Building the right foundation with technical football training
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If you ask a football player or coach about the importance of technique, they'll probably say it's one of the most important qualities of a footballer. We regularly see glimpses of the technical ingenuity of players in the European leagues. What's stopping India from producing such talents? There could be a myriad of reasons. Arsene Wenger says that if you don't have the technical ability by the time you’re 14 years of age, you can forget about becoming a professional footballer and most top coaches agree. Does it mean you can't become technically better if you’re more experienced in age? Of course not, you just learn faster at a younger age.
Technique plays a big role in terms of creativity of the players, an area that requires focus in Indian football, as per our national football team coach, Igor Stimach. The idea is only as good as the execution, which usually comes down to technical ability. Technique is crucial when it comes to one’s 1v1 ability as well.
What is technical ability? Technical ability is basically the foundation on which everything else is built. Your dribbling, passing, shooting technique, ball control and everything that you do with the ball.
Countries that are doing well at football have always ensured they have a flourishing grassroots infrastructure in place. They focus on developing a strong technical base for their players from a very young age, as young as 5 or 6, and that remains their primary focus at least until the age of 12. Tom Byer, the author of ‘Soccer starts at Home’, believes kids should be given a football as they’re learning to walk. Many top players like Messi, Neymar, Ronaldo, Iniesta etc started engaging with the ball between the ages of 2-5 years.
They also work a lot on their movement and motor skills. These days everyone spends too much time in front of a screen – either their phones, laptops or their computers, for reasons mostly unavoidable. That is exactly why, almost all people, kids especially, need to move a lot in the outdoors, be in the sun and give their bodies a chance to explore different kinds of movements. Developing problem-solving abilities, having spatial awareness, experiencing teamwork all contribute to making a well rounded footballer. When you’re able to move better, you’ll be able to play better. This is why, when you’re working with kids or adults, it’s always best to look at it with a 360-degree approach - where you work on how efficiently they move along with how good they are with the ball at their feet.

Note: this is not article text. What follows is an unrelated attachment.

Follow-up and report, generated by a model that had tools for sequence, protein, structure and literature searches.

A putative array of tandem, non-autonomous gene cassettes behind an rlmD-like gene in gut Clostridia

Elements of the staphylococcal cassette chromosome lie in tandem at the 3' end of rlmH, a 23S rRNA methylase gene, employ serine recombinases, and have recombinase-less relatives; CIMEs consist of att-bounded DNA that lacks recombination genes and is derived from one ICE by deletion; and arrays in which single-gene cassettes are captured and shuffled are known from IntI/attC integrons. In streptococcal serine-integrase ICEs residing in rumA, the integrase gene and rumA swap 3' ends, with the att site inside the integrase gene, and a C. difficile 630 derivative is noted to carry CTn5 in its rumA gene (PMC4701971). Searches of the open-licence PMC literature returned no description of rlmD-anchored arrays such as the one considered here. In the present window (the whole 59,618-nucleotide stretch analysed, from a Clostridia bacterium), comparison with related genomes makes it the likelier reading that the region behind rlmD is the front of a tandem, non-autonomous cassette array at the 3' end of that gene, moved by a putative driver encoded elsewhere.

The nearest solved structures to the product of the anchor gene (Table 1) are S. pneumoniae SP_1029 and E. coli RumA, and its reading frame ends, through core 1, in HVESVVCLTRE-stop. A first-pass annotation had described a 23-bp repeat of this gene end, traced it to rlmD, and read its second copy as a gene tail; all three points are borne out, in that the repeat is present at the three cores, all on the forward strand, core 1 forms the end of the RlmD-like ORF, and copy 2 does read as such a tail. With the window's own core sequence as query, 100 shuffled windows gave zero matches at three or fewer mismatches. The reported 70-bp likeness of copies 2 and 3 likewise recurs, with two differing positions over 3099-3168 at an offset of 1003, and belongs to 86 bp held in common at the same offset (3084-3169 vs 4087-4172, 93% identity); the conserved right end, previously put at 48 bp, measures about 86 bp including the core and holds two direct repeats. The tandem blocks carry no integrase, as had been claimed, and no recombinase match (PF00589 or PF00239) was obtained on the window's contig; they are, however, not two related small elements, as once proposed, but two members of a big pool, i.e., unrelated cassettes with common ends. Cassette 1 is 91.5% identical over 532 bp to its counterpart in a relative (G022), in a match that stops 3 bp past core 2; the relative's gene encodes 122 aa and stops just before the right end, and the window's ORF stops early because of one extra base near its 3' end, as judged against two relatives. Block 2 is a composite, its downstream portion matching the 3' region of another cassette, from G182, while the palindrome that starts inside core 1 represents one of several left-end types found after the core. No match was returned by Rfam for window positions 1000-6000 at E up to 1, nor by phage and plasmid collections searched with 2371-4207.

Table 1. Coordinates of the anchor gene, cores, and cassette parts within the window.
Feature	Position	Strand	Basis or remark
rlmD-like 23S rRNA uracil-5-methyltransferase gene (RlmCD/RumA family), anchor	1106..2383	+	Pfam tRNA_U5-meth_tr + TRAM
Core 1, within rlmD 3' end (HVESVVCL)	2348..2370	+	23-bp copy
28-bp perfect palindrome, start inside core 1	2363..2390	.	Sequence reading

However, in an academy or club setting, it’s difficult to develop these things due to the large numbers of participants and the time restrictions, especially now that artificial turfs here charge a huge sum by the hour. When you have a big group, it provides very little chance to work on individual strengths and more importantly, fill in the gaps in terms of weaknesses due to the fewer number of repetitions. Repetition is everything. Get enough of it and you’ll start to see the change.
Individual training might not require as much space as team training, but a lack of playing space in the urban environment acts as a big obstacle. Public parks, grounds and gardens, while few may be around, aren’t nearly enough. There’s a massive economic and cultural component in this - it’s not possible for everyone to be able to afford to pay every time they wish to play or train. Hence, all the more important that the change happens at a community level. If hands are joined and heads work together, a big first step can be taken in the right direction.
About the author
Deep Moorjani is an ex-pro footballer and an AFC C license football coach. He has represented some top clubs such as Air India (U20 I-League Captain), PIFA (2nd Division I-League), and Castelo Forte (Lisbon, Portugal) among others. He’s the current Head Coach of the Kenkre U12 & U18 I-League teams after having worked as a coach at the Barça Academy, Mumbai and Western Sports Foundation.